“From a risk management perspective, it is about managing the people, especially people who are leaving. You need to track data they have accessed. You can use mobile device management software that tracks large data transfers. If it is more than 50 MB, it is not an email,” says Kosa, whose practice focuses on information technology and IP law and who has a computer science background. Companies should also have software that permits the remote disabling or wiping of information from an employee’s phone, he adds. “What happens if a phone is lost?” he notes.
Imran Ahmad, a partner at Miller Thomson LLP in Toronto, agrees that employees might put crucial data at risk, even if they do not have any bad intentions. “Taking files home on a USB stick or laptop” or using online-based external software may increase the chance of being hacked, he says.
“You need to map out the data flow” for key information, says Ahmad, who heads the firm’s cybersecurity practice. “In-house counsel should have a flow map, knowing where the data is.”
The other key issue for companies when looking at measures to ensure the security of its intellectual property or trade secrets is the impact of these protections on the operation of the business, says Kosa.
“A perfectly secure data set is useless if no one can access it. You are balancing security with accessibility to the data,” he says. For data that is of importance on par with the Coca Cola formula, parts of it can be digitally stored separately. “You can break it up. Not everything needs to be accessible all of the time,” says Kosa.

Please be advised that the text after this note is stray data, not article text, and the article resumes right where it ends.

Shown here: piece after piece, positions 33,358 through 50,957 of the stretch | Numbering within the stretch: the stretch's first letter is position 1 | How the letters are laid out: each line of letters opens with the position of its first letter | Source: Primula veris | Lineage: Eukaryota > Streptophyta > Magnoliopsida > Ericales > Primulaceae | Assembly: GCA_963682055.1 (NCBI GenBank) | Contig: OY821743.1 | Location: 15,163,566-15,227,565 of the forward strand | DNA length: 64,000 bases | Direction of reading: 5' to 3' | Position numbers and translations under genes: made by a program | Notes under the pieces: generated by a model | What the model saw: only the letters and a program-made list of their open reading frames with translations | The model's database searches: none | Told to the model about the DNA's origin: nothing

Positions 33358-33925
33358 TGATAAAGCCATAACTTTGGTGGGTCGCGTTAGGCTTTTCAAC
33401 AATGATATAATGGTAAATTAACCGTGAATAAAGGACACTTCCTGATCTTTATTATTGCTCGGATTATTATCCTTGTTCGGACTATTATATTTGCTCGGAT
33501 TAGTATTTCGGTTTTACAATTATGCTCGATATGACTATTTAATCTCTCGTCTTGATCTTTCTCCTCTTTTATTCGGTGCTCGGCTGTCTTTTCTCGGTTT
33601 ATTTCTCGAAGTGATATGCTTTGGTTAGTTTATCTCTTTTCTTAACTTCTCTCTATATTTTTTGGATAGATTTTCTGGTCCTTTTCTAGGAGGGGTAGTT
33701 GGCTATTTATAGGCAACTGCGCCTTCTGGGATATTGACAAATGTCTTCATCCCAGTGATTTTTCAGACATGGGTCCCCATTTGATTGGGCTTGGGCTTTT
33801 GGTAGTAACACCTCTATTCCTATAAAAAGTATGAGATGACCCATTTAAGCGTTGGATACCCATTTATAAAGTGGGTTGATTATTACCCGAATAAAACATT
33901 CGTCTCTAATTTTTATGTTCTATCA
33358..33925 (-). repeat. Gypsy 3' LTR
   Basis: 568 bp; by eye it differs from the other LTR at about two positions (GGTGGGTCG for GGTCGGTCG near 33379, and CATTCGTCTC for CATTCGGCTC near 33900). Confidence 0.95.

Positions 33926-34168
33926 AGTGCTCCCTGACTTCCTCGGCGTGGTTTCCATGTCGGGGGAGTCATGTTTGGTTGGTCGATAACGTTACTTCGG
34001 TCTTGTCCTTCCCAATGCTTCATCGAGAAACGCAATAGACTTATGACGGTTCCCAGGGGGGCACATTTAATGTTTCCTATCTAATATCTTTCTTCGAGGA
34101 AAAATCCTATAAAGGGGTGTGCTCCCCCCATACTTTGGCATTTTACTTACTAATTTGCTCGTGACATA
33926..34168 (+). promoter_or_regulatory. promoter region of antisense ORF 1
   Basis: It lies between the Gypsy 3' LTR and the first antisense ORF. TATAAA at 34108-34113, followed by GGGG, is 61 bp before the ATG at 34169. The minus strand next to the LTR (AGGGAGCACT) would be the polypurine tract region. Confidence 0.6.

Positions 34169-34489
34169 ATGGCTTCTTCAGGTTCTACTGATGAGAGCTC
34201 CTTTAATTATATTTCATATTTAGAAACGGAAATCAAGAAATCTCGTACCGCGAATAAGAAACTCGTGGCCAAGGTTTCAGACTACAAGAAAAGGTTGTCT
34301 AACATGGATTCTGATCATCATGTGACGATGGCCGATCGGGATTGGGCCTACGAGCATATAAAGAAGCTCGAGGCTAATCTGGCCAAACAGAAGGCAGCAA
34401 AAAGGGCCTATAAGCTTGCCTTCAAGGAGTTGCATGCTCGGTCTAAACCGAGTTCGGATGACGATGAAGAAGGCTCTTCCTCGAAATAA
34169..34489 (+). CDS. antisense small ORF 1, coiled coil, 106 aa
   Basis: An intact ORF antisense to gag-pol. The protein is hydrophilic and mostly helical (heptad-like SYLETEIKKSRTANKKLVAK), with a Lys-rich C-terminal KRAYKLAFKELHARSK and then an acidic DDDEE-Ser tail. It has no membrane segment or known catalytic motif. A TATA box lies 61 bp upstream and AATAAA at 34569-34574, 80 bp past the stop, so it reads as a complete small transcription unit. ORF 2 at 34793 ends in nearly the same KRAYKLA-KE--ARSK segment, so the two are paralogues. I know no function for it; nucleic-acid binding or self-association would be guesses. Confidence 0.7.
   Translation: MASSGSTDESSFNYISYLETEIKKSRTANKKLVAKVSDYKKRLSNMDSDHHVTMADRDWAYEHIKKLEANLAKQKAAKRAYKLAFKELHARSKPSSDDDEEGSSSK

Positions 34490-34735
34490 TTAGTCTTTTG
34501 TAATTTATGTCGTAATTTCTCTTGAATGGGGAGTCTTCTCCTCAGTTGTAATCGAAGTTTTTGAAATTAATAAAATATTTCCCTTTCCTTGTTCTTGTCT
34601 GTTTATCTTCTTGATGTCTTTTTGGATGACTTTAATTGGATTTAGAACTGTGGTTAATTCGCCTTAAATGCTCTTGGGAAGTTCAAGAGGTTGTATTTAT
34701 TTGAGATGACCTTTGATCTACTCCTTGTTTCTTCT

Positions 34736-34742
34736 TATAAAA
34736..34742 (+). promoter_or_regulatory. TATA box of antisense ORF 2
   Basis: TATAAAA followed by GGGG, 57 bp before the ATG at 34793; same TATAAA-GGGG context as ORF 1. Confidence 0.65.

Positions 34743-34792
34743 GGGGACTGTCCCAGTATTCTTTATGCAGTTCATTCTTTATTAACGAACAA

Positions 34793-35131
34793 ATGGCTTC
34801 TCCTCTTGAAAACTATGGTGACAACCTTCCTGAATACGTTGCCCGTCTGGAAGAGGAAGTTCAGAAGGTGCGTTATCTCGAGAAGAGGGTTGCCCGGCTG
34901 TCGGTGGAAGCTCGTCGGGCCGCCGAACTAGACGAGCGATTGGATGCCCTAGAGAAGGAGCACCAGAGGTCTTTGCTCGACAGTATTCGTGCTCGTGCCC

Online security is much more than “firewalls” to try to prevent hacking, says Handa. “You need to understand where your data is and identify what is most important to your company. If it is a trade secret, then break it up. A key piece can be in an encrypted (online) vault,” he suggests.
Another area where there is the potential for there to be an information breach is in the use of third-party contractors. If production is going to take place in another country, then ensure that you have a senior employee oversee those operations, Handa says. “Select an employee you trust. You have to trust someone. If you just ship out production, with blueprints, you are asking for trouble,” he says.
A merger and acquisition situation should also be approached carefully in terms of the confidential information that is disclosed to potential bidders, says Handa.
“If it is an auction situation, you do not reveal your trade secret until the very end. Or you can have a reputable third party conduct a [source] code audit,” to satisfy potential buyers, he explains.
Regular audits or “cyber diligence” are a good practice for companies, even if not in an M&A situation, Ahmad suggests. “You should have someone go on the darknet to see if any of your IP has been compromised. What is the state of your network and are you leaking data?” he says.